Unknown MAC address connected to router

  • I found an unknown MAC address connected to my home router. How would I figure out what OS the IP or MAC address is running?

    I'm not sure this is an IT Security question. Could you add more details? The MAC address itself could be useful. What is it about the MAC address that makes it seem "weird"?

    I say that because I've never seen the mac address before. Its not in itself strange. I have a lot of devices connected so I would just like to figure out a way to get more info. Maybe nmap or netstat or something could help?

    Just check all your devices? If your wireless network is protect by WPA/WPA2 and the password is strong enough its very unlikely ( as likely as cows flying ) that somebody has accessed your network without being told the password to said network. If its not being protect by WPA/WPA2 then you should enable it.

  • As @logicalscope says, you can also look at the MAC lookup chart to find out the manufacturer. This could be spoofed.

    You could try to find out the IP address of the device, then you could run nmap against it to see if you can identify the OS.

    This could be hidden from you, so an alternative would be to try and connect to it - does it give banners back? Ports 22, 23, 80, 443 etc could be useful starting points here.

    Failing that, try forcing it off the network and see if anything breaks :-)

    I would run nmap to see if there is a strange IP that would correspond to the MAC. You could also blacklist it and see what breaks. If a new strange MAC appears, they are probably spoofing.

  • You can check the first few digits of the MAC address at http://standards.ieee.org/develop/regauth/oui/oui.txt That'll give you the vendor of the device's NIC.

    If you have access to the ARP table on your router you can translate the MAC address to an IP address. Often with 'arp -a' or 'show arp' an a router commandline

    On your PC you can check hostname of the corresponding IP and whois information:

    $ nslookup <ip-address>
    $ whois <ip-address>
    $ whois <domainname from nslookup>

    Check if you can find out the current connections to your router with a netstat-like command. Check http://www.iana.org/assignments/service-names-port-numbers/service-names-port-numbers.xml what the port may be used for.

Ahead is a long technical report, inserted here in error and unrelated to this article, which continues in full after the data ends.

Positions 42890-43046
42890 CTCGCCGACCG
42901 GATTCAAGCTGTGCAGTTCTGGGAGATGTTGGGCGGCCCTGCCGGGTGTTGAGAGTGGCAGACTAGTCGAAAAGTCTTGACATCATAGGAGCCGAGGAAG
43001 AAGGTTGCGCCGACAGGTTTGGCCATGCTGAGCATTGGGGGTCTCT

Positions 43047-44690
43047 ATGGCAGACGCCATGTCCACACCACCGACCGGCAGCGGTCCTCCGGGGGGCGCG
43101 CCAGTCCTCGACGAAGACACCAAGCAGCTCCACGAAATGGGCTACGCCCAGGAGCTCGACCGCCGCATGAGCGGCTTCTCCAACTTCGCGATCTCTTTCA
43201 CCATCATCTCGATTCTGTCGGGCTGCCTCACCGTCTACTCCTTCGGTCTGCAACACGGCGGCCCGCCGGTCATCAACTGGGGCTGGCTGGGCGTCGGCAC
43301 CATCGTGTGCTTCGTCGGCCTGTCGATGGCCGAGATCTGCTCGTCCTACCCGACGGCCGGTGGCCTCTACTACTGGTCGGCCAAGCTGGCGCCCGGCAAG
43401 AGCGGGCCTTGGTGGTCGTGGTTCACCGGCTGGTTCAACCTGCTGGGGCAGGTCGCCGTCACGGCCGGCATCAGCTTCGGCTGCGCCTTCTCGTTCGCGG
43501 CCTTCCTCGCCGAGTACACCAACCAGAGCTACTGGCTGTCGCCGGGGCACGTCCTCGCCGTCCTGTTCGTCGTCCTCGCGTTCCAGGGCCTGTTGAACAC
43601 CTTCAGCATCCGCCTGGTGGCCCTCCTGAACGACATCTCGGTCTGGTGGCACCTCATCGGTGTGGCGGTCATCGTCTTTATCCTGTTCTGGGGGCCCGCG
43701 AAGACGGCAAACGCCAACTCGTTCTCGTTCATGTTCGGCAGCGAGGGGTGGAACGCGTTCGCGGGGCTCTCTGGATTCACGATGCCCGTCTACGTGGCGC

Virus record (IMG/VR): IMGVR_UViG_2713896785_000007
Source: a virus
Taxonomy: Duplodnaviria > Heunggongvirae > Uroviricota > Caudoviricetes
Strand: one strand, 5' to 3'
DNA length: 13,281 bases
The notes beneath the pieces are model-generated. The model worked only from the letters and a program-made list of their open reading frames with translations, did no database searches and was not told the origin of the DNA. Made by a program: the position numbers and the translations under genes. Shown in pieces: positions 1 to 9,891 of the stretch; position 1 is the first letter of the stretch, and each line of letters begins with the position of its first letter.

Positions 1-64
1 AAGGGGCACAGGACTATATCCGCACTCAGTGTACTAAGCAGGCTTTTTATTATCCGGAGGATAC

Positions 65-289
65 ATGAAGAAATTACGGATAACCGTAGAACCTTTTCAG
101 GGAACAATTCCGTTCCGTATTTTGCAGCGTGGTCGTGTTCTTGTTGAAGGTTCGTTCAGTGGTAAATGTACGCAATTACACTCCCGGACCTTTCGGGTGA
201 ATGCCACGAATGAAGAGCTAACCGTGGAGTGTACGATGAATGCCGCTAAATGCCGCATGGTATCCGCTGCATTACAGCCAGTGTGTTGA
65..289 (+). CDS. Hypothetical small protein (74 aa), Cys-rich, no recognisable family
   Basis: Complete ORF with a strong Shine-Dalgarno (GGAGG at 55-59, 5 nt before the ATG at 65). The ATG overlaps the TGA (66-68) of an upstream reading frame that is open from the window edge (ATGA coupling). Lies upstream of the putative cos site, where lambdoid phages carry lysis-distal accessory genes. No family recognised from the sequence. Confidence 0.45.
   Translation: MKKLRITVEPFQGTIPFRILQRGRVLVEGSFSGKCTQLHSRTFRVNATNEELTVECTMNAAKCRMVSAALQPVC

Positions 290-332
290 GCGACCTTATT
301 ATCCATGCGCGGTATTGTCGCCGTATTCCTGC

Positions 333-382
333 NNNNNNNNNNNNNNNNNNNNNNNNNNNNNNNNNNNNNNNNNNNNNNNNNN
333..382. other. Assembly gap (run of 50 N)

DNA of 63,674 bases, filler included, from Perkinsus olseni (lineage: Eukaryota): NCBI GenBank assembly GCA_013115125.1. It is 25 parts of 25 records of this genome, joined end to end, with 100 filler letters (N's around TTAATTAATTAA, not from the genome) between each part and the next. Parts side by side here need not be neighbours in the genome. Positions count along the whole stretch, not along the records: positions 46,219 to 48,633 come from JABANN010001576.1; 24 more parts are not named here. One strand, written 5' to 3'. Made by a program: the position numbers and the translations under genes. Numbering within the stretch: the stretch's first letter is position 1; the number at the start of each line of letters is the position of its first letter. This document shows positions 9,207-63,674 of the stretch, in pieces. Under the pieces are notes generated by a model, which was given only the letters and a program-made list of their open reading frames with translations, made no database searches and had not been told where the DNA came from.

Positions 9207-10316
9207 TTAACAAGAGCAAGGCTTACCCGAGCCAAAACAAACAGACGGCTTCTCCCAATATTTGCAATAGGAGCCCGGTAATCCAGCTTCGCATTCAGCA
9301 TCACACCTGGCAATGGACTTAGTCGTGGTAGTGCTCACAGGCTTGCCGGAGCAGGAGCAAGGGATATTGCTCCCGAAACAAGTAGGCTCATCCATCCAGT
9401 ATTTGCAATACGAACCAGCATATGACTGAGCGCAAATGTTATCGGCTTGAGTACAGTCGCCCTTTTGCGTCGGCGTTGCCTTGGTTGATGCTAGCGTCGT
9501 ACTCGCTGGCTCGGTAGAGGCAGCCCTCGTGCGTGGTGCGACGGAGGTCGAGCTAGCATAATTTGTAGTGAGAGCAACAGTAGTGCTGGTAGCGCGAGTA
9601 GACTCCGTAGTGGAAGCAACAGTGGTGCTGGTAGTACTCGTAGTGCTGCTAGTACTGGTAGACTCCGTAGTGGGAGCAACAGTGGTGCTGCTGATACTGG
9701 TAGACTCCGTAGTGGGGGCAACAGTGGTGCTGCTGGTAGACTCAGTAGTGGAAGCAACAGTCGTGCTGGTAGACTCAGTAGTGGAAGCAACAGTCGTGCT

This should give you a hand full of leads to further analyse

    Thanks a lot. Only looking into the http://standards.ieee.org/develop/regauth/oui/oui.txt list helped to find out that the unknown devices on my network were our Motorola Mobility phones.

  • One way to possibly figure out what device it is, is to examine the MAC address itself. The first 3 hexadecimal numbers can be used to determine which company the MAC was assigned to. For instance, 00-03-93 is one (of many) MAC OUI prefixes that belongs to Apple.

    This doesn't always work if the MAC has been spoofed, has been set manually, or if it is assigned to a virtual machine (or you have a lot of devices. :-)

  • There is an easy and better way

    • just log on to router's administrative panel (usually or
    • log in with the administrative username and password (usually admin admin)
    • look for a tab named or starting with or containing Interface, go to Local Area Network or LAN from there and you'll see a DHCP Clients Table.

    This table identifies all devices connected to the router by the device name, IP address and MAC address. On a Netgear router, click the “Attached Devices” link in the left navigation panel under the Maintenance heading.


    The "device name" can be very vague even without malice (I've seen "Samsung", which at the time could have been one of about 6 devices). If the router weas provided by an ISP, you don't always have even such basic features.

    Yeah "device name" is an issue. I have multiple redmi phones at home. They all are connected as "Redmi", so I couldn't figure out which is which. That is why I made a separate txt file offline that contained device name+MAC address.

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Content dated before 7/24/2021 11:53 AM